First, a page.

Design and display

  • Attractive and solid aluminium body
  • Display is bright but doesn’t wow with sharpness

We’ve already mentioned the impact the Wileyfox Swift 2 Plus makes as soon as you open the box. Thankfully, that premium feeling continues when you pull it out.

Wileyfox has switched to a mostly aluminium body with this second generation of Swift handset, and it seems to have a natural touch with the material.

Our test model was the ‘Midnight’ one, which amounts to a slightly matt, deep charcoal tone. There are thin plastic sections along the top and bottom of the phone, but these - together with the fingerprint sensor and the Wileyfox logo - actually serve to give a subtle two-tone impression that’s far from unpleasant.

It sits nicely in the hand too, largely thanks to the gently curved rear edges. This is neither a thin phone nor a particularly thick one - at 8.6mm it sits somewhere in between the Moto G4 Plus (9.8mm) and the Honor 5X (8.2mm).

But its ergonomics, combined with a 158g weight, make it feel just hefty enough to seem premium without weighing down your pocket.

The volume and power keys, both located on the upper right-hand edge, have a pleasingly tactile texture that means they’re easy to locate and operate without looking.

There are no controls of any kind on the front of the phone - the Wileyfox logo is just that - so you’ll be relying on Android 6.0.1’s built-in virtual back, home, and menu keys for navigation.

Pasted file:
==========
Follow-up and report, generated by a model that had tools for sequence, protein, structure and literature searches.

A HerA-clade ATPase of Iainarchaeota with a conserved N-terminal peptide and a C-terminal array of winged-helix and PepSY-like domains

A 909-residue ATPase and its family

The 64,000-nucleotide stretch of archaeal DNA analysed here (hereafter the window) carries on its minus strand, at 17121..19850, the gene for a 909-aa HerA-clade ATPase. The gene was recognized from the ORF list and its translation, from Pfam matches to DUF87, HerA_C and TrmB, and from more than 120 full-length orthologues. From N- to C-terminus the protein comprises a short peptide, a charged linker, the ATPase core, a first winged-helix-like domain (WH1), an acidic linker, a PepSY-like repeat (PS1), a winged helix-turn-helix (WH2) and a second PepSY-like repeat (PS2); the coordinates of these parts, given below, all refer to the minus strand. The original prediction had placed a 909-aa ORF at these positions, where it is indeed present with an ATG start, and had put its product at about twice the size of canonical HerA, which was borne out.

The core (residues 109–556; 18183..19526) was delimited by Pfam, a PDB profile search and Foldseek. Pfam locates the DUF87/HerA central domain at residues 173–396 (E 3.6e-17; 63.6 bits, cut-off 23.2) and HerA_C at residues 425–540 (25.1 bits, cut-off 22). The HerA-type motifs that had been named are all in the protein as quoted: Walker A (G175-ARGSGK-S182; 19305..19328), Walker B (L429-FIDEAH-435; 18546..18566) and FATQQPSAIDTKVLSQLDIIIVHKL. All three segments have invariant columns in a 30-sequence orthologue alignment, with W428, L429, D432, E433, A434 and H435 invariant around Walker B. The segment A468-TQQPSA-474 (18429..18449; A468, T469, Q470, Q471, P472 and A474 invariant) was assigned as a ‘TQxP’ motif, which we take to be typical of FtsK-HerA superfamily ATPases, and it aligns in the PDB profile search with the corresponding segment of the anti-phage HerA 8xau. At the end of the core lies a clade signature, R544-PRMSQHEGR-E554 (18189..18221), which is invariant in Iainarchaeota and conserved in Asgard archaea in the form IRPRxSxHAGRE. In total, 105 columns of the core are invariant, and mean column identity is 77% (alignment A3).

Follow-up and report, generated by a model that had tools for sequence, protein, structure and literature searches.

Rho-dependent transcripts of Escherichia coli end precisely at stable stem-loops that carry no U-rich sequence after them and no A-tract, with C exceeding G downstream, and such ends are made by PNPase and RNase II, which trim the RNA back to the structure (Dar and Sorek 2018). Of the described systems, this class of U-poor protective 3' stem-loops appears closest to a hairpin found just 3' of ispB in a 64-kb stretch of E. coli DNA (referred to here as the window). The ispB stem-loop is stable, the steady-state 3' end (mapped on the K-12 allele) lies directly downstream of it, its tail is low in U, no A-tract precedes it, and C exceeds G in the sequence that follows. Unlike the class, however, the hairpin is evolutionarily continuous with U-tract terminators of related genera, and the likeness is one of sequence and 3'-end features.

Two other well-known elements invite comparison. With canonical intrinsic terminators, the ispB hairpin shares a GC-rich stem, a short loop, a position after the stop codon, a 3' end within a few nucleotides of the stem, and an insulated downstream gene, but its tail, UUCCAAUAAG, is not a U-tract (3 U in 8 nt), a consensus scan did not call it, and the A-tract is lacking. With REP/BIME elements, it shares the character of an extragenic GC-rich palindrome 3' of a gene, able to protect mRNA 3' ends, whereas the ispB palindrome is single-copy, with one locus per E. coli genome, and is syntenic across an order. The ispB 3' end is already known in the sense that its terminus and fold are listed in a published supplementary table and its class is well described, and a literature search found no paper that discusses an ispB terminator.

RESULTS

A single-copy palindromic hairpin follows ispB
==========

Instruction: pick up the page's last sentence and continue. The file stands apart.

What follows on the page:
One of the key reasons the Wileyfox Swift 2 Plus gets its dimensions spot on is the size of its screen. Running counter to the prevailing 5.5-inch trend, the British manufacturer has stuck with the 5-inch display size of the original Wileyfox Swift.

We have no problem with that whatsoever, as it makes one-handed usage easier (though not quite iPhone-easy) whilst remaining big enough for extended YouTube and gaming sessions.

The screen is appreciably bright, too, which is often an aspect that suffers in affordable phones. We kept the display at around the halfway point for much of our time with the phone, which was more than enough for it to remain legible outside in these darkening UK autumn days.

It’s a fairly warm picture by default, but we’re not talking AMOLED-levels of redness, and we quickly adapted to it. Even if you don’t, the phone’s CyanogenMod UI provides a facility for tweaking the colour calibration to your tastes.

Just about the only complaint we have about the display isn’t really a complaint as much as an observation - it has a 720p resolution.

Now, there’s nothing wrong with 720p in sub–5-inch displays - just ask Apple with the iPhone 7 and Sony with the Sony Xperia Z5 Compact, both of which cost considerably more than the Swift 2 Plus.

But this isn’t a sub–5-inch display, it’s a 5-inch display, and we could tell that the picture we were looking at wasn’t quite at the level of sharpness we’ve come to expect from high-quality phones.

Again, the Swift 2 Plus’s display is far from bad. It’s good, in fact. It’s just that the phone as a whole does so well at punching above its weight in general, it stands out a little more when a component accepts its place.